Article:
Rising Yields Melt Silver in Asia

Fridays bond sell-off sends commodities and precious metals lower in Asia. Watch global bond yields ahead of Jackson Hole.

Monday mornings at 6 am Singapore can be an emotional time for traders. The fact that many of us are at work then aside! Monday 6 am is a magical witching hour when electronic trading starts the week on products such as the S&P, Oil, US Bonds and Precious Metals. Significantly it is also the time that Tokyo (7 am Tokyo) Brokers switch on their margin servers. As a result price action can be “robust” to say the least as the market reacts to weekend news or to price movements in FX from late New York or early Asia. (2 AM Singapore for those poor FX dealers)

If the market gaps or prices move significantly this can trigger a sudden rush of margin stop outs by  either the US Futures Exchanges or Japanese Margin Brokers in a particularly illiquid time of the week. The resulting price action can create a perfect storm type atmosphere where illiquidity, large moves combine to exacerbate even more moves and more stops etc in a very unvirtuous perfect circle.A prime example being the 20% USD/ZAR move in 30 minutes in January.

This appears to be what has happened in a few markets this morning. Most notably Silver where the semi-precious metal opened and immediately sold off nearly 3 % in as long as it took me to type this sentence.

A picture tells a 1000 words….

We have since made a small recovery.

News wise we didn’t have a lot out over the weekend apart from some Kuroda comments.

Kuroda Says ‘Sufficient Chance’ for More Easing in Sept.: Sankei

This was certainly enough to see USD/JPY gap higher on the Spot FX open to 100.90. Yellen’s Jackson Hole speech will be written about ad nauseam this week but for me the most significant driver were,

  1. Very extended and stale XAG positioning.
  2. The global bond sell-off (higher yields) we saw to finish the week.

XAG/USD longs have consistently been our most extended long positions amongst any of the precious metals and FX crosses for the last few months. Indeed after this mornings washout, it remains the most popular long amongst our clients’ percentage wise.


This isn’t actually a huge change from Friday much to my surprise and tells me that we still have a lot of long positioning out there. The daily chart makes for gruesome viewing as well with a sea of red on the candles for the last two trading sessions. Bond markets need to be closely watched today for signs of a continuing sell-off. Combined with the factors above this could see more downside pressure on Silver.

Support comes in at 18.8000 the 100-day moving average, then 18.7150 days low and then 18.5000 the bottom of the Ichi moko cloud.

Resistance is at 19.30 days open and the New York low.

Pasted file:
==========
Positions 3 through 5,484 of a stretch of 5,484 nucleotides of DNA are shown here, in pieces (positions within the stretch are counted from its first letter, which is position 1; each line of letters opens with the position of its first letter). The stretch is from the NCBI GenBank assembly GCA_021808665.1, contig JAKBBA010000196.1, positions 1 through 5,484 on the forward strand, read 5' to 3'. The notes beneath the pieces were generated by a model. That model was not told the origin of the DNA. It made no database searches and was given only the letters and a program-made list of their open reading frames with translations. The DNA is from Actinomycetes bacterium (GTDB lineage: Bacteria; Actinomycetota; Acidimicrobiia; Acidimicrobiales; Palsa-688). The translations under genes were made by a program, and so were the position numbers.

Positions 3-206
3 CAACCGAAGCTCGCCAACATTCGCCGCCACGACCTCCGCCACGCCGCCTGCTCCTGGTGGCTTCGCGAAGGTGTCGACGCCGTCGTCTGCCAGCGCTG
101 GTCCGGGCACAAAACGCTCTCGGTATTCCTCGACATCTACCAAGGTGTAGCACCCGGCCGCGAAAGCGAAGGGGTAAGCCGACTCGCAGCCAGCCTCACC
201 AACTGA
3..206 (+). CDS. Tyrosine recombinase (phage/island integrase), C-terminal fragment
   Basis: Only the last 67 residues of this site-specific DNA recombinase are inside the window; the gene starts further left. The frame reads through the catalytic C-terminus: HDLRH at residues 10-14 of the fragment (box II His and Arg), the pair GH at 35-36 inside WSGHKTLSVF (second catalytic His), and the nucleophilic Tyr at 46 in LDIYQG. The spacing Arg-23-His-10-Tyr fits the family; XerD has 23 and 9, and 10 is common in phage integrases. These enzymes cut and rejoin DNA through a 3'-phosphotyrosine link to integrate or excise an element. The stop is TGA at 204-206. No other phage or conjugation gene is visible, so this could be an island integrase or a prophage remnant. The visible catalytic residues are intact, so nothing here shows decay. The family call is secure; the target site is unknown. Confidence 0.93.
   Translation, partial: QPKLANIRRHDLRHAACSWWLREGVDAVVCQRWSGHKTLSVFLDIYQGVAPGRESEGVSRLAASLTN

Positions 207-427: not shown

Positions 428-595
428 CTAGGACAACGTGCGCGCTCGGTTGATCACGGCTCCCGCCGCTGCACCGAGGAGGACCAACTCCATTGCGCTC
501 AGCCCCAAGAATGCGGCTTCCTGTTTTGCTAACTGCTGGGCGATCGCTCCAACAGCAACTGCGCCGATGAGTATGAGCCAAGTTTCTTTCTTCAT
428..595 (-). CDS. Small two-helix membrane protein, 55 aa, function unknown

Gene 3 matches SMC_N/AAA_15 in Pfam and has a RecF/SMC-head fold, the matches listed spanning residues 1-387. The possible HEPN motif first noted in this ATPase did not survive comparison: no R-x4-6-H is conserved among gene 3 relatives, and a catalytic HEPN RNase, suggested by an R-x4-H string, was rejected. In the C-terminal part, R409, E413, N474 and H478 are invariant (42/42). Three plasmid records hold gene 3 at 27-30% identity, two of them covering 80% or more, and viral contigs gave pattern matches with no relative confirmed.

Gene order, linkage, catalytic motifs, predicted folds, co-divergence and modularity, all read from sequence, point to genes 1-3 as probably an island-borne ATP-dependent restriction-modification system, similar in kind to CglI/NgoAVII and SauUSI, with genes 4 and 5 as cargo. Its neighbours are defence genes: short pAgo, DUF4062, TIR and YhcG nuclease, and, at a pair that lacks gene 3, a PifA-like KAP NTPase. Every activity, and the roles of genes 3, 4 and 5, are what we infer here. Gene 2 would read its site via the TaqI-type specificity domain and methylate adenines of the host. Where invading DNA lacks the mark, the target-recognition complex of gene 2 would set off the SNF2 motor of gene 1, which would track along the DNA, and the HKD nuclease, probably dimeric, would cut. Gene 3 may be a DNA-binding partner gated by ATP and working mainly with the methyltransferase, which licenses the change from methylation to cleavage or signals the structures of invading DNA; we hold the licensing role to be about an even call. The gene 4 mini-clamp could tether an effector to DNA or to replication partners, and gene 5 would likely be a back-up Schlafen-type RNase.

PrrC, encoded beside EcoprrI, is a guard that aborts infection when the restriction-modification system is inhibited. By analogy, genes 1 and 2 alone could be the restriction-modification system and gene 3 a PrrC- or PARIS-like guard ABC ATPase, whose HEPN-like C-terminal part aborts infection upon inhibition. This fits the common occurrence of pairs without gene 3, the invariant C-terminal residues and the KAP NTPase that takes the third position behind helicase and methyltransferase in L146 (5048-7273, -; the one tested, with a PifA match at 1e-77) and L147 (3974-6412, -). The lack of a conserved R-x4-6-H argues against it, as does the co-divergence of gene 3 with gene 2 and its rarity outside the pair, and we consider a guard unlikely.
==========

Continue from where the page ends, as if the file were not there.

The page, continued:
Similar set ups in Silver seem to be at play in commodities today. ie extended positioning and higher rates. Certainly, Oil didn’t enjoy the 6 am open either.


and WTI….

Interestingly both “oils” bounced from their lows suggesting the OPEC  nirvana of productions cuts they’ll actually stick to contains the downside for now.


and Gold

Two Year US T-Notes are back to pre Brexit levels

As are US 10 Year Bonds

Even Bunds were sold!


Part of the bond sell-off story is definitely attributable to the street looking for some Fed Funds fire and brimstone from  Ms Yellen this Friday in Jackson Hole.  Another part may  be the increasing perception that Central Bank monetary policy globally may be reaching its final stages of marginal utility as I have touched on before. But perhaps the lesson to be learned here is that nothing goes up forever and how acutely sensitive commodities, stocks and precious metals are to any sign of rising yields globally.

As I have said above watch global bonds this week. I am in no way calling the top of the global bond market but they are most certainly nsetting the short term agenda for everything else it seems ahead of Friday.

This article is for general information purposes only. It is not investment advice or a solution to buy or sell securities. Opinions are the authors; not necessarily that of OANDA Corporation or any of its affiliates, subsidiaries, officers or directors. Leveraged trading is high risk and not suitable for all. You could lose all of your deposited funds.

Jeffrey Halley

Jeffrey Halley

Senior Market Analyst - Asia Pacific
With more than 30 years of FX experience – from spot/margin trading and NDFs through to currency options and futures – Jeffrey Halley is OANDA’s senior market analyst for Asia Pacific, responsible for providing timely and relevant macro analysis covering a wide range of asset classes. He has previously worked with leading institutions such as Saxo Capital Markets, DynexCorp Currency Portfolio Management, IG, IFX, Fimat Internationale Banque, HSBC and Barclays. A highly sought-after analyst, Jeffrey has appeared on a wide range of global news channels including Bloomberg, BBC, Reuters, CNBC, MSN, Sky TV, Channel News Asia as well as in leading print publications including the New York Times and The Wall Street Journal, among others. He was born in New Zealand and holds an MBA from the Cass Business School.
Jeffrey Halley